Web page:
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Sep 11, 2023Liked by Daniel W. Drezner

Skeptical but not (yet) dismissive UF faculty here who was in the audience for one of the presentations he has made of his "big ideas." You are right to be skeptical of Sasse, but the quote was a bit unfair by withholding context for his buzzwords. Sasse did define them, kind of, in his talks, and probably did so to Sokolove. David Gian-Cursio deciphers them, mostly correctly, below. (This is not to defend Sasse's use of buzzwords, just to say that he's smart enough to know that they need definition.)

There are local issues that Sasse was attempting to address with them, the most important of which are that:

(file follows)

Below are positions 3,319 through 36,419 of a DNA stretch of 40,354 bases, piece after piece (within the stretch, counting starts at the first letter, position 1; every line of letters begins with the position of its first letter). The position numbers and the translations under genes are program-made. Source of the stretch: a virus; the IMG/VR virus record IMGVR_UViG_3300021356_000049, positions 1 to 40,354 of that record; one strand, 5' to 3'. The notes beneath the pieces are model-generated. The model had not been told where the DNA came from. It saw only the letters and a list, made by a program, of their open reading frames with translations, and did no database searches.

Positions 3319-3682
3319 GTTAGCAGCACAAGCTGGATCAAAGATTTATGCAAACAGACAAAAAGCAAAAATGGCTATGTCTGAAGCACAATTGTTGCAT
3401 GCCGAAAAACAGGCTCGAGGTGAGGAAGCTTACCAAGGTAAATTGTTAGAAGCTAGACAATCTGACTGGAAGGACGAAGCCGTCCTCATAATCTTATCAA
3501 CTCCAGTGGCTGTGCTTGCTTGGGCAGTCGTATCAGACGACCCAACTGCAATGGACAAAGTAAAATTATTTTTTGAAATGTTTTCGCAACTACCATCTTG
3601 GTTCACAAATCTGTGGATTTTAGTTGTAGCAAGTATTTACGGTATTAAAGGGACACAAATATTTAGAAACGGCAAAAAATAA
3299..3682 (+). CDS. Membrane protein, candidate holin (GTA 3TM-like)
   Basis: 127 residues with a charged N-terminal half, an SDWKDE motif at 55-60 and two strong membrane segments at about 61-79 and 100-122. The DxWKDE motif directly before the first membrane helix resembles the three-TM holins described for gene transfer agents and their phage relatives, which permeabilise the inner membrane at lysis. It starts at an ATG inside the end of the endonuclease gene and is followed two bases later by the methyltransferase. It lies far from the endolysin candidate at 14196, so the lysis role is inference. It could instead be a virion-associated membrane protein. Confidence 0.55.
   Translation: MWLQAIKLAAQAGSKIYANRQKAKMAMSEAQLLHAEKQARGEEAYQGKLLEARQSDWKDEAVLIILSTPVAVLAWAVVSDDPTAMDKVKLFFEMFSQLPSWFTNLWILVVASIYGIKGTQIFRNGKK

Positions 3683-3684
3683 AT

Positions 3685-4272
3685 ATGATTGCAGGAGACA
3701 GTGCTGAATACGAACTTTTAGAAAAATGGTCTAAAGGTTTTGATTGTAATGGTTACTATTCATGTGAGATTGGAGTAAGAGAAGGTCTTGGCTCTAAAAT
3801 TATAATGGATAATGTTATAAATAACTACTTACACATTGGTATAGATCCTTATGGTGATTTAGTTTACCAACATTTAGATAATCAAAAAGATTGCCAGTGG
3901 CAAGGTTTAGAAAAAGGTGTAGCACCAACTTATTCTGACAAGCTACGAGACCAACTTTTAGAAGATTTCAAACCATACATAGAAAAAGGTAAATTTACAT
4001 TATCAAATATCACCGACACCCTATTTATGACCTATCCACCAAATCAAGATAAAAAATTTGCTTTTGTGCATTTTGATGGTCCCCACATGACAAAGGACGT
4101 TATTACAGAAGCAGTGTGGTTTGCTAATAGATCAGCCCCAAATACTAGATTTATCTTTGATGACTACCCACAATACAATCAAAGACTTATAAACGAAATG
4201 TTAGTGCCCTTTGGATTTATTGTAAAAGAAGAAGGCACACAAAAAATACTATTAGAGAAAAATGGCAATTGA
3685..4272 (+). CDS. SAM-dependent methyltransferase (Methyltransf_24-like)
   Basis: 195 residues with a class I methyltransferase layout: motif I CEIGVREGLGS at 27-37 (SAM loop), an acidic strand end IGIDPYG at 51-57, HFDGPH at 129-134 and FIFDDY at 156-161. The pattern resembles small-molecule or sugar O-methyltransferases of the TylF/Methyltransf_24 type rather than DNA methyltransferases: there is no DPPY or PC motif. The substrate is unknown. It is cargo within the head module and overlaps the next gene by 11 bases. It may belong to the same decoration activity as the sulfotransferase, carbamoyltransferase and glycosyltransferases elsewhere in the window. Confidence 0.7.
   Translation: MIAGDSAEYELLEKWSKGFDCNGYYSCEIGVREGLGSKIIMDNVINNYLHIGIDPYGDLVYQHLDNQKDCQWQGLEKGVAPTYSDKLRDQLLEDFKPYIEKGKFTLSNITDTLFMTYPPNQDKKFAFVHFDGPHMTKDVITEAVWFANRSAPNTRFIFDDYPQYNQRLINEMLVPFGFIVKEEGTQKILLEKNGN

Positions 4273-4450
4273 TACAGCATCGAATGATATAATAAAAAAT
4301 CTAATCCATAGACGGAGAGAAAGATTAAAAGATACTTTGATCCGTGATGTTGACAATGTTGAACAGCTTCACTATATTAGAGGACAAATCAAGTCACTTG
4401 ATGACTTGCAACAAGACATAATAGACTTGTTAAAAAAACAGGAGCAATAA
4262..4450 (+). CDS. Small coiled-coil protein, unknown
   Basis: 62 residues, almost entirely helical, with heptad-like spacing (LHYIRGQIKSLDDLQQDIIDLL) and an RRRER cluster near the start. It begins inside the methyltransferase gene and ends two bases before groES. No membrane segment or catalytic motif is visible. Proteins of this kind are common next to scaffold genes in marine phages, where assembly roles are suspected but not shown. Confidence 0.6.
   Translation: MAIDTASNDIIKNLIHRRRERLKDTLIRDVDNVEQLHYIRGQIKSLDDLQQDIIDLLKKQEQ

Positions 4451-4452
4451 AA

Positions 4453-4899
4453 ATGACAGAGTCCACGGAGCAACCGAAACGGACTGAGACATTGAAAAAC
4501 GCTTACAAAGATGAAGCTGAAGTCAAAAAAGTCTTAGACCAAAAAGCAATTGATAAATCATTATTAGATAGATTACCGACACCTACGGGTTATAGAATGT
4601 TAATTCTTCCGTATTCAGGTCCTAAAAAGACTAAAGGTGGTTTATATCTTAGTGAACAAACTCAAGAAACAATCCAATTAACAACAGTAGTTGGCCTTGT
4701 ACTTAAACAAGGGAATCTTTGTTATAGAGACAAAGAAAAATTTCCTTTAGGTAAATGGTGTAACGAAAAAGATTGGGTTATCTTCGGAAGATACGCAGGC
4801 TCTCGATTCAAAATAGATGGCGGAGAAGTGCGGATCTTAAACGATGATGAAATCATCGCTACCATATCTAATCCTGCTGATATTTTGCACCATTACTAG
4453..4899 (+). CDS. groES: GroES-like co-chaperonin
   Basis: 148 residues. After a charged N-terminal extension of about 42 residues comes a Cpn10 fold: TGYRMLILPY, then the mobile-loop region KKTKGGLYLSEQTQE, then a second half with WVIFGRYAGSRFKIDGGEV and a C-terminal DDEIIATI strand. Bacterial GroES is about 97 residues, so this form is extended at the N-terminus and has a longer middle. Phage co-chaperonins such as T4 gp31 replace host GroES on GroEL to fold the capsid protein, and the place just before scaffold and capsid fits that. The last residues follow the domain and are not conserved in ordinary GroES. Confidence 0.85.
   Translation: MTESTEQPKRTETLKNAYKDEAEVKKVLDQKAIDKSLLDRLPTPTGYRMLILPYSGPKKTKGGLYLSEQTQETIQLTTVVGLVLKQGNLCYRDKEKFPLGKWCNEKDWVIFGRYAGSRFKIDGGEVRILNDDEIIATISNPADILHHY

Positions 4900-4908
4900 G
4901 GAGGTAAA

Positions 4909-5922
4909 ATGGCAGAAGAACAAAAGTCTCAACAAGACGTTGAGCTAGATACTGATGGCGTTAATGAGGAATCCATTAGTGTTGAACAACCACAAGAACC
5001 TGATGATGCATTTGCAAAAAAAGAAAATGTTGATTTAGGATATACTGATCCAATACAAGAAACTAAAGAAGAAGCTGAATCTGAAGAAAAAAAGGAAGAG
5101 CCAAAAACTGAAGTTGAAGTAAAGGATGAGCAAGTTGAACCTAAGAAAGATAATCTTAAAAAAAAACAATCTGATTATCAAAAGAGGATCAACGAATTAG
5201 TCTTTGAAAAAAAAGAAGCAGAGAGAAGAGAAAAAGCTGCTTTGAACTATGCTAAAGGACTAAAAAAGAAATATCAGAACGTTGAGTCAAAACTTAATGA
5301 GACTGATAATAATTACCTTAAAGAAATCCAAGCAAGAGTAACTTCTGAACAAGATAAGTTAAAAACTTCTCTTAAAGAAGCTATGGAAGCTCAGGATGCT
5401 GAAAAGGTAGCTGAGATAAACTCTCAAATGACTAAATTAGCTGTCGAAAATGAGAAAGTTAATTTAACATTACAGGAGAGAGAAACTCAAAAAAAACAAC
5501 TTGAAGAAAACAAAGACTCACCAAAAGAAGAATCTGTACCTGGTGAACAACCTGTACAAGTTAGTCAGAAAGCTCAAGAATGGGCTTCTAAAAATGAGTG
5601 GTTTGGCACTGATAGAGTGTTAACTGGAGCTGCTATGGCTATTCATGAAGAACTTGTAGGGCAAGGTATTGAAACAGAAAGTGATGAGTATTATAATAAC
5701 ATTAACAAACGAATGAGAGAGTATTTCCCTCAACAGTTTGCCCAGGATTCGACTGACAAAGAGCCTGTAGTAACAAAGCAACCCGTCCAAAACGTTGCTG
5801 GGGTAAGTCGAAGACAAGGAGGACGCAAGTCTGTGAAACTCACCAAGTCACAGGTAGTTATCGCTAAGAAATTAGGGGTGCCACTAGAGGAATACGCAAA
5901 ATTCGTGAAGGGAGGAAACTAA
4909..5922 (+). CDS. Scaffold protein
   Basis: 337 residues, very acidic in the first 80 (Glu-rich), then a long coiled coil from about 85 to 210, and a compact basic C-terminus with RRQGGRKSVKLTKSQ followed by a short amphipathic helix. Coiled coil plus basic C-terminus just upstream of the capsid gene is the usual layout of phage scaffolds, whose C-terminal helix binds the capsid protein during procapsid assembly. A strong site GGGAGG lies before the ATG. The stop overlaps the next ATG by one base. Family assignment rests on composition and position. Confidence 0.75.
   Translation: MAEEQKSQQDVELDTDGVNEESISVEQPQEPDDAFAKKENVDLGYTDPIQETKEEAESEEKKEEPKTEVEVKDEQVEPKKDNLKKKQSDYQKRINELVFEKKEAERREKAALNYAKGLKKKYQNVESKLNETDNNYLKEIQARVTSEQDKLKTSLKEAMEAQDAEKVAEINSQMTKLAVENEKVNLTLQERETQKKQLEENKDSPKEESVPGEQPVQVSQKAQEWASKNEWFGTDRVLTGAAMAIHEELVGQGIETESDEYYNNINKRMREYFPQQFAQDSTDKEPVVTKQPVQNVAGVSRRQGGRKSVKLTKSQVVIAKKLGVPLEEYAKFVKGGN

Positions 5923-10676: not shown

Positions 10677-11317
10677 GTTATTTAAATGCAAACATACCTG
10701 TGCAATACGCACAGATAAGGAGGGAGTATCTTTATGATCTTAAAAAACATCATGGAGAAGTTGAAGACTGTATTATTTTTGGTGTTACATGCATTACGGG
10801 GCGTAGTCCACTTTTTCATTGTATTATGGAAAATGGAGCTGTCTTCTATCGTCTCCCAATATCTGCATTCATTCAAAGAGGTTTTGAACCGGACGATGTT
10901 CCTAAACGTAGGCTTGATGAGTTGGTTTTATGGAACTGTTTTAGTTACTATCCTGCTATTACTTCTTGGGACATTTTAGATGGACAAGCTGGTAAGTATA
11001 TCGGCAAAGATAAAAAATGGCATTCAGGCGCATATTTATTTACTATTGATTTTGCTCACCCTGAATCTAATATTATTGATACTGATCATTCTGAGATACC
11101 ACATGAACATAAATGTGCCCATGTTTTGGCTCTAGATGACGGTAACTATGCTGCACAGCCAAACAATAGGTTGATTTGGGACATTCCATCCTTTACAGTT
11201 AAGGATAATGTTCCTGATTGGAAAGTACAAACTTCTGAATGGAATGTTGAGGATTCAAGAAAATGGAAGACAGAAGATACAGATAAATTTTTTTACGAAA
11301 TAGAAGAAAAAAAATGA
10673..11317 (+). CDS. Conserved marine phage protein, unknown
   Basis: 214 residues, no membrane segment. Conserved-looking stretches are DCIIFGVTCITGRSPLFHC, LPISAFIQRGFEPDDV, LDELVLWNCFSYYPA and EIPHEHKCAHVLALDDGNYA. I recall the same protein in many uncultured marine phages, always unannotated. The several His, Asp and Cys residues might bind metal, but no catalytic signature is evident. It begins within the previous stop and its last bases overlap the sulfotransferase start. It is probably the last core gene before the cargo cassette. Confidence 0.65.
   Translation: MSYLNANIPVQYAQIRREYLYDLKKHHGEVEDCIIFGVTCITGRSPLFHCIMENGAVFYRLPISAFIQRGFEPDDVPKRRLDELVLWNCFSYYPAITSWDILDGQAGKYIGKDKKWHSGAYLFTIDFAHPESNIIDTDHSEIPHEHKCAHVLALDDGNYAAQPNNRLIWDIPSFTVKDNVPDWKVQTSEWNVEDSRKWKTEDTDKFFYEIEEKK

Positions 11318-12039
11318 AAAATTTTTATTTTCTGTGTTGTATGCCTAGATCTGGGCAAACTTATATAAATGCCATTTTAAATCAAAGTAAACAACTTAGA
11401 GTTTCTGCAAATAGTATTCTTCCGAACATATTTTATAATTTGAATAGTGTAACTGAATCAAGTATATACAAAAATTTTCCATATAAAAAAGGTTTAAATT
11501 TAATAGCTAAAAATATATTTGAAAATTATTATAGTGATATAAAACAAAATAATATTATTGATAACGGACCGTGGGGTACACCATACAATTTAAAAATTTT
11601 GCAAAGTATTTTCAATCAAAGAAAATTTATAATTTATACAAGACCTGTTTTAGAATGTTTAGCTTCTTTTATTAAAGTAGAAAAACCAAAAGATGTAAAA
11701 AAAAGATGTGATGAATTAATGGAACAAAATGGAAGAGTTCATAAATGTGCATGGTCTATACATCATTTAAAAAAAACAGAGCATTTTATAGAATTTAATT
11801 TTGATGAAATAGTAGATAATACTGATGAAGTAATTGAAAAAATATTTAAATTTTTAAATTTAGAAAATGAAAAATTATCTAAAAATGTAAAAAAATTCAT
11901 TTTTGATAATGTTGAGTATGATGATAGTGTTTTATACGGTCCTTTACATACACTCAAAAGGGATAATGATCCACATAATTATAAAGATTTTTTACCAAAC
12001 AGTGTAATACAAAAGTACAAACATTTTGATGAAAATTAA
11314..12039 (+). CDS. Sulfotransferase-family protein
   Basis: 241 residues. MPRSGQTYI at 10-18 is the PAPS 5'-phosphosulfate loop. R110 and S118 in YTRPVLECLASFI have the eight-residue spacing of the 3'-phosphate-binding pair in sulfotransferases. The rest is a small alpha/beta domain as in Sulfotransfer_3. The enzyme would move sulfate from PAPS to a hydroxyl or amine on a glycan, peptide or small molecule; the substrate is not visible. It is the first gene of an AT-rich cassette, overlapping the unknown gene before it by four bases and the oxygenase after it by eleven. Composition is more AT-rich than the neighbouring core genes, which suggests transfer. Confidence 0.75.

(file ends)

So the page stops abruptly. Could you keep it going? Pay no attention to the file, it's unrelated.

- UF is located in a slightly remote, non-hip college town where it is difficult to recruit star faculty who attract big public and private grant funding and professional students, all of whom are important sources of revenue, unlike undergraduates, because...

- Florida's insane budget model allows the legislature to artificially set low tuition that is pleasing especially to middle and upper-middle class parents, and then it appropriates money on an annual basis to make up the shortfall. The university loses money on every undergraduate student, which is great politics (UF and other state universities are so cheap!), and then state funds (sometimes, often with strings attached) makes up for the shortfalls using regressively structured state revenues. This what enables our miserable higher education politics: the universities are entirely beholden to the Governor and legislature for their funding.